That setup process turned out to be more difficult than it should be for me. I have not been able to get it to work consistently with my OnePlus 5t. I tried every troubleshooting step many times, experimented with three different PCs, and even did a complete reset of my phone. I also downgraded to Android 8.0 as a last-ditch effort, and as you can guess, that didn’t help. I did get the phone connected once, but it wouldn’t connect again. My wife’s LG G5 connected without issue, but only to my PC, and wouldn’t hook up to hers. I’ve sent many emails back and forth with Microsoft engineers trying to troubleshoot the issue, and they think something funny is up with my DNS. After trying numerous other fixes, I still couldn’t get Your Phone going.

On iOS, Microsoft doesn’t have the ability to implement many Your Phone features compared to what’s possible on Android. Currently, all you can do is send links from Edge on iOS to Windows. There’s no SMS or photo library integration. Microsoft states that Your Phone on iOS grants you “cross-device experiences,” but the existing integration is actually tied to other applications. Timeline data syncing exists on Edge, and the cloud clipboard is SwiftKey-based, but neither feature needs a “Your Phone” configuration. When speaking to Shilpa Ranganathan (Microsoft General Manager of mobile product experiences), she couched her language carefully but couldn’t say what features you gain by linking an Apple device with Your Phone. In other words, as of today, the app seems to do next to nothing with iOS.

At the Surface event on October 2, Microsoft demoed complete Android phone mirroring on PC, showing a user opening and replying to Snapchat on a Windows machine without ever touching their phone. The mirroring and app integrations will be interesting features when they launch, but they didn’t make it into this update, and I wouldn’t be surprised if they miss the next Windows update. The future of “cross-platform experiences” with Windows is just getting started, at best.

I’m not currently impressed with the “Your Phone” feature as it stands, since I can’t get the darn thing working with Android, and it currently does almost nothing on iOS. I’ll need to see significant improvements to recommend it. Luckily for everyone, it’s not the only new feature in this update.

Search and Cortana

The Search and Cortana sections of Windows have seen significant changes with every new version, and we’re finally seeing serious usability improvements compared to heavily-criticized past versions. There’s now a double-wide panel for searches—a UI change that matches Cortana’s last update. You can clearly specify what you’re looking for: files, apps, emails, documents, settings, photos, or web pages. The new second panel shows a preview of the matches, whether that’s Bing results (which I think are actually pretty solid), file details, or settings.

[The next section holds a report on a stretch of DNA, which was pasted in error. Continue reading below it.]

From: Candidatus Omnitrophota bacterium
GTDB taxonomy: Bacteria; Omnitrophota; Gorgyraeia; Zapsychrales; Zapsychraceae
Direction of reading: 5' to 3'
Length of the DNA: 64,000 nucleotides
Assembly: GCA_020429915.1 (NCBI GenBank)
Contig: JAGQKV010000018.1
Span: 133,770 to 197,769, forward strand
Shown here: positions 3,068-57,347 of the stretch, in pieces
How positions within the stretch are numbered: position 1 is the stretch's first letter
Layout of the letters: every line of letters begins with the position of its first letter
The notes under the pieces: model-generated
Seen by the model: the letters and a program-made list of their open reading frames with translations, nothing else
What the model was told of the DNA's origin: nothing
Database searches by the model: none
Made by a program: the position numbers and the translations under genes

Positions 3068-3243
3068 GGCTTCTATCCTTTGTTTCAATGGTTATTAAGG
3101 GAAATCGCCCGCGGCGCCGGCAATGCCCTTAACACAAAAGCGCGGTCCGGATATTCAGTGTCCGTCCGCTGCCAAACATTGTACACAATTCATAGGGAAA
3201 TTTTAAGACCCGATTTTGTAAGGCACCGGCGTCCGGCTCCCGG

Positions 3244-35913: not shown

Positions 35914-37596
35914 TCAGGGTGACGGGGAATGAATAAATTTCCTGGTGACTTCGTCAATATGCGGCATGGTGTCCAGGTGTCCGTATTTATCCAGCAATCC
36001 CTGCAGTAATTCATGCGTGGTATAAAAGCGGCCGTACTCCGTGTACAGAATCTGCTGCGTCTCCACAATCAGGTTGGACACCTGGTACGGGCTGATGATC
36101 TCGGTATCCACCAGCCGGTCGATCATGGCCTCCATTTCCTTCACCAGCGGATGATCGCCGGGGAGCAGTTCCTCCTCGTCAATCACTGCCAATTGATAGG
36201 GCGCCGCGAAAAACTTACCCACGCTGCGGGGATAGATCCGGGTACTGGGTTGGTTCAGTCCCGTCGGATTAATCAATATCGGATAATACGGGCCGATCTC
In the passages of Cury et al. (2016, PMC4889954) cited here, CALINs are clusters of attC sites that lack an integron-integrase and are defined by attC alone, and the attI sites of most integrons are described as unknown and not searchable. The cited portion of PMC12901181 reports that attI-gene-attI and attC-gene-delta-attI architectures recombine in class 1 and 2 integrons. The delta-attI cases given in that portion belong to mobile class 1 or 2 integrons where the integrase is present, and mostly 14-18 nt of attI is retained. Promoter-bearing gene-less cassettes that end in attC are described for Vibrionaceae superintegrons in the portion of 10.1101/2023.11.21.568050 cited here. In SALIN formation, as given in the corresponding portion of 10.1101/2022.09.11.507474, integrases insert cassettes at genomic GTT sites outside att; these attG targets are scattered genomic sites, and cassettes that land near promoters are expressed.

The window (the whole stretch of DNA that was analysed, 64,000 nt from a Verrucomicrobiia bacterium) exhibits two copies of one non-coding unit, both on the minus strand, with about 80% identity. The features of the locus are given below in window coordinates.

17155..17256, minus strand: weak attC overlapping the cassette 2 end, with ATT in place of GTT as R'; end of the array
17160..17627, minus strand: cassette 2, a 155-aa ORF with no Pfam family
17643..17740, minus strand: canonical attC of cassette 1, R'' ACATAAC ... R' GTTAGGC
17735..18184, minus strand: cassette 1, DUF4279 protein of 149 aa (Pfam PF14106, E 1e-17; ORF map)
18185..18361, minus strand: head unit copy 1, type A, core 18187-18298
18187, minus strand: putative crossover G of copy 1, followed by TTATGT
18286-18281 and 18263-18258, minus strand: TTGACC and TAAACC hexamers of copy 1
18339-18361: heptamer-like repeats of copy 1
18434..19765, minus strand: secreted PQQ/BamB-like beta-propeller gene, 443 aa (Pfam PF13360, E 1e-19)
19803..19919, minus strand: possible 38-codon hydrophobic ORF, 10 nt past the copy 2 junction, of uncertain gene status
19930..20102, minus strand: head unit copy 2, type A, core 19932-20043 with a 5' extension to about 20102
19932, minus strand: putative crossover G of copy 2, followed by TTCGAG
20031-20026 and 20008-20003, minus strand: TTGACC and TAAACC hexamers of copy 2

I find the second panel very useful, as it’s much faster to quickly pull up a Wikipedia page, image search, or just to check some random data compared to opening a browser first. Cortana recently lost the ability to track packages, though, so if you appreciated that info, you’ll now need to look for it in Windows Mail. Otherwise, Cortana hasn’t changed all that much since the April Update.

 

Windows Update

Making grandmothers happy globally (and other people who defer updates forever), Windows now uses machine learning to figure out when to do updates that require a restart. Essentially, the OS will monitor when and how you use it in order to figure out the best time for a restart. Hopefully this means more updates applied with fewer tears.

Those worried about how this data is collected, analyzed, and stored should know that the telemetry is cloud-based, though Microsoft isn’t entirely clear on what information stays on its servers, if any. The company does provide an app called the Diagnostic Data Viewer that shows exactly what telemetry data a machine collects. The viewer gained some additional filtering after the October 2018 update, and you can find it in the Microsoft Store.

Edge

Much like with every Windows update, Microsoft brought some new refinements to Edge. The menu under the ellipsis button has been completely redesigned and seems to be more intuitive. Edge also gained the ability to restrict specific sites from auto-playing videos. You can configure the browser on a per-URL basis to either automatically play videos normally, play them muted, or block them entirely. The Jump List (the one that pops when you right-click Edge in the taskbar) now will list your most-visited sites. There are additional labeling options for set aside tabs that you’re saving for later, too.

Edge has much better menus now

Edge now has support for FIDO U2F security keys. Hopefully that’s the start of the end of passwords. Personally, I’m awfully tired of constantly reminding my family what their passwords are. There are a few other UI adjustments. Microsoft’s Acrylic material style continues to advance in both Edge and Windows. One of my favorite changes with the October update is that PDF files (opened by default by Edge) now have a proper PDF icon in Explorer rather than the browser’s “e.”

Highlighting words when using Edge as an e-book reader will now automatically search that word’s definition. That’s a small change, but a handy one. Overall, Edge continues to work pretty well, and I recommend that most regular users try it. It’s a decent and stylish browser.

Other bits and bobs